When Am I? Navigation for Time Travelers

1400 was the target we set.
My story in place, I flew through the net.
Dragging my germs with me, back to the plague I flee — 
I’m not supposed to be here!
Fevered, delirious, Lord are you getting this?
I never asked what’s the year? What’s the year?!
(“In a Gown Too Blue”, Three Weird Sisters)

Time travel isn’t perfect. Things can go wrong. And we might only be able to approximate our target to begin with. So, how can you get your bearings where — and when — you’ve jumped?

You might say “ask somebody”, but — even assuming that you’ve jumped to a populated area, and even assuming you share a language — have you thought about how crazy that sounds? How would you react if somebody on the street asked you what year it is?

This question was asked by abyss.7 recently on Worldbuilding Stack Exchange. In this world, the traveler knows the location (and the time machine helpfully accounts for things like planetary drift) but knows that the date will be only approximate. So, abyss asks, how can you find out when you are, for any point in the past, and assuming that you might not be able to just pick up a newspaper or ask somebody? The traveler in this case can carry a backpack; what should he put in it so he can quickly locate himself in time?

This answer by AlexP points out that for recent times you can listen for radio signals, and for more-distant times you need to rely on the sky (a theme that runs through several answers). You can use the movements of planets to place yourself within the last 10,000 years or so; if you’re going farther back, pay attention to stars more than planets. Both planets and stars have cycles of regular motion over decades, centuries, or millennia. An answer by Loren Pechtel makes similar suggestions.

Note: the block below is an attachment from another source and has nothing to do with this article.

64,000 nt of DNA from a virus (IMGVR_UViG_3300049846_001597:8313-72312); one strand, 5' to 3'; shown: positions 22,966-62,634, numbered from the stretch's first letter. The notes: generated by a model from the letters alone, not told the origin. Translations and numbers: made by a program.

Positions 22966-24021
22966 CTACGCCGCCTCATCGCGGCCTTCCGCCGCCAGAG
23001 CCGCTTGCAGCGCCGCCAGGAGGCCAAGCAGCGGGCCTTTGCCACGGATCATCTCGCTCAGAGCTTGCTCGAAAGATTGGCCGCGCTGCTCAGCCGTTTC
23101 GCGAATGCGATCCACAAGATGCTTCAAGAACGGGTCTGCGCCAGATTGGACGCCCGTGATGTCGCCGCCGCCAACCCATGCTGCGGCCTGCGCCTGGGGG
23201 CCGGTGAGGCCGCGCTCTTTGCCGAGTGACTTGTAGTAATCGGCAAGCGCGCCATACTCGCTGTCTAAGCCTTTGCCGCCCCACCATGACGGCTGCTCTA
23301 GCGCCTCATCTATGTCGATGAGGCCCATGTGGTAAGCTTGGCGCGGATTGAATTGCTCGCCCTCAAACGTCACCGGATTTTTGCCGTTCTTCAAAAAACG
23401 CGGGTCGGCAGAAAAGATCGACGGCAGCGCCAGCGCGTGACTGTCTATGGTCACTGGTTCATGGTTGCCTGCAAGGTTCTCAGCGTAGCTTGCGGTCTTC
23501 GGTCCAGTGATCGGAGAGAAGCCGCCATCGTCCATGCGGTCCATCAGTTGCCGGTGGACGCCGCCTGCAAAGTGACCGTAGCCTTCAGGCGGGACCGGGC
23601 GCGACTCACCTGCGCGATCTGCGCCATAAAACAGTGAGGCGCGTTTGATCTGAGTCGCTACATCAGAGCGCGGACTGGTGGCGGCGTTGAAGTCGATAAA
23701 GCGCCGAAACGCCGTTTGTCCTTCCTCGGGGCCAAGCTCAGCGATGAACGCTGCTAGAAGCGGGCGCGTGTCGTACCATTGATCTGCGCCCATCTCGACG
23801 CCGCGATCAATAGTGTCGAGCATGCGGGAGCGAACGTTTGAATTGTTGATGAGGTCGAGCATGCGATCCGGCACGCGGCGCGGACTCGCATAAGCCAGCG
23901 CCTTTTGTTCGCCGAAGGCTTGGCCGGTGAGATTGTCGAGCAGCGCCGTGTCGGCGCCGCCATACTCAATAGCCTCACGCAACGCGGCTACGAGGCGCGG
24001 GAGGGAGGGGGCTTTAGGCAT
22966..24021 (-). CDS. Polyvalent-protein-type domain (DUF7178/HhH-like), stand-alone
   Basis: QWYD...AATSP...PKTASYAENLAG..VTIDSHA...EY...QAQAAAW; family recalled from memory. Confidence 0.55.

Image credit

According to AlexP, the backpack should contain a telescope and a laptop with the right software. David A. Gray suggests, instead, a sextant and a set of star charts, which (along with some math) are good for the last few million years. And they won’t run out of battery, either. Either way, the traveler might need to make observations over a few consecutive nights, so if you have somewhen that you really need to be, try to arrive early so you’ll have time to get there.

Image credit

If your destination lies millions of years in the past, Mattias points out that observing the moon can tell you something — it used to be closer. Measuring its diameter — probably over a few nights, because it’s not a perfectly circular orbit — can serve as a yardstick. I don’t know if this is enough to get your arrival down to even a decade, let alone a year, but at the scale of millions of years ago, you’re probably not going to be late for your dinner appointment.

Mattias also suggests looking at atmospheric composition, which has changed over the ages, and Guest suggests measuring the “color” or “heat” of the sun and plotting it on the star’s life cycle. Guest also postulates a “Time-GPS” that works by sending a signal from when you are back to when you came from and measuring its transmission time (presumably against some known measure).

Werrf makes two very different suggestions. First, the answer points out, any successful tool is followed by infrastructure to support that tool — roads, cell-phone towers, ports, and so on. The traveler can, therefore, learn a lot from the infrastructure currently in use. Or… you could hide a clock and transmitter on the moon. Encrypt the transmission for extra safety from those not in the time-travel know. If somebody notices, well, is it that different from transient lunar phenomena? Nobody believes Uncle Ned with his fuzzy pictures of UFOs either; it’s probably safe.

Whatever approach your traveler takes, I suggest leaving a little room in that backpack for some penicillin. You never know; you might need it.

One clap, two clap, three clap, forty?

By clapping more or less, you can signal to us which stories really stand out.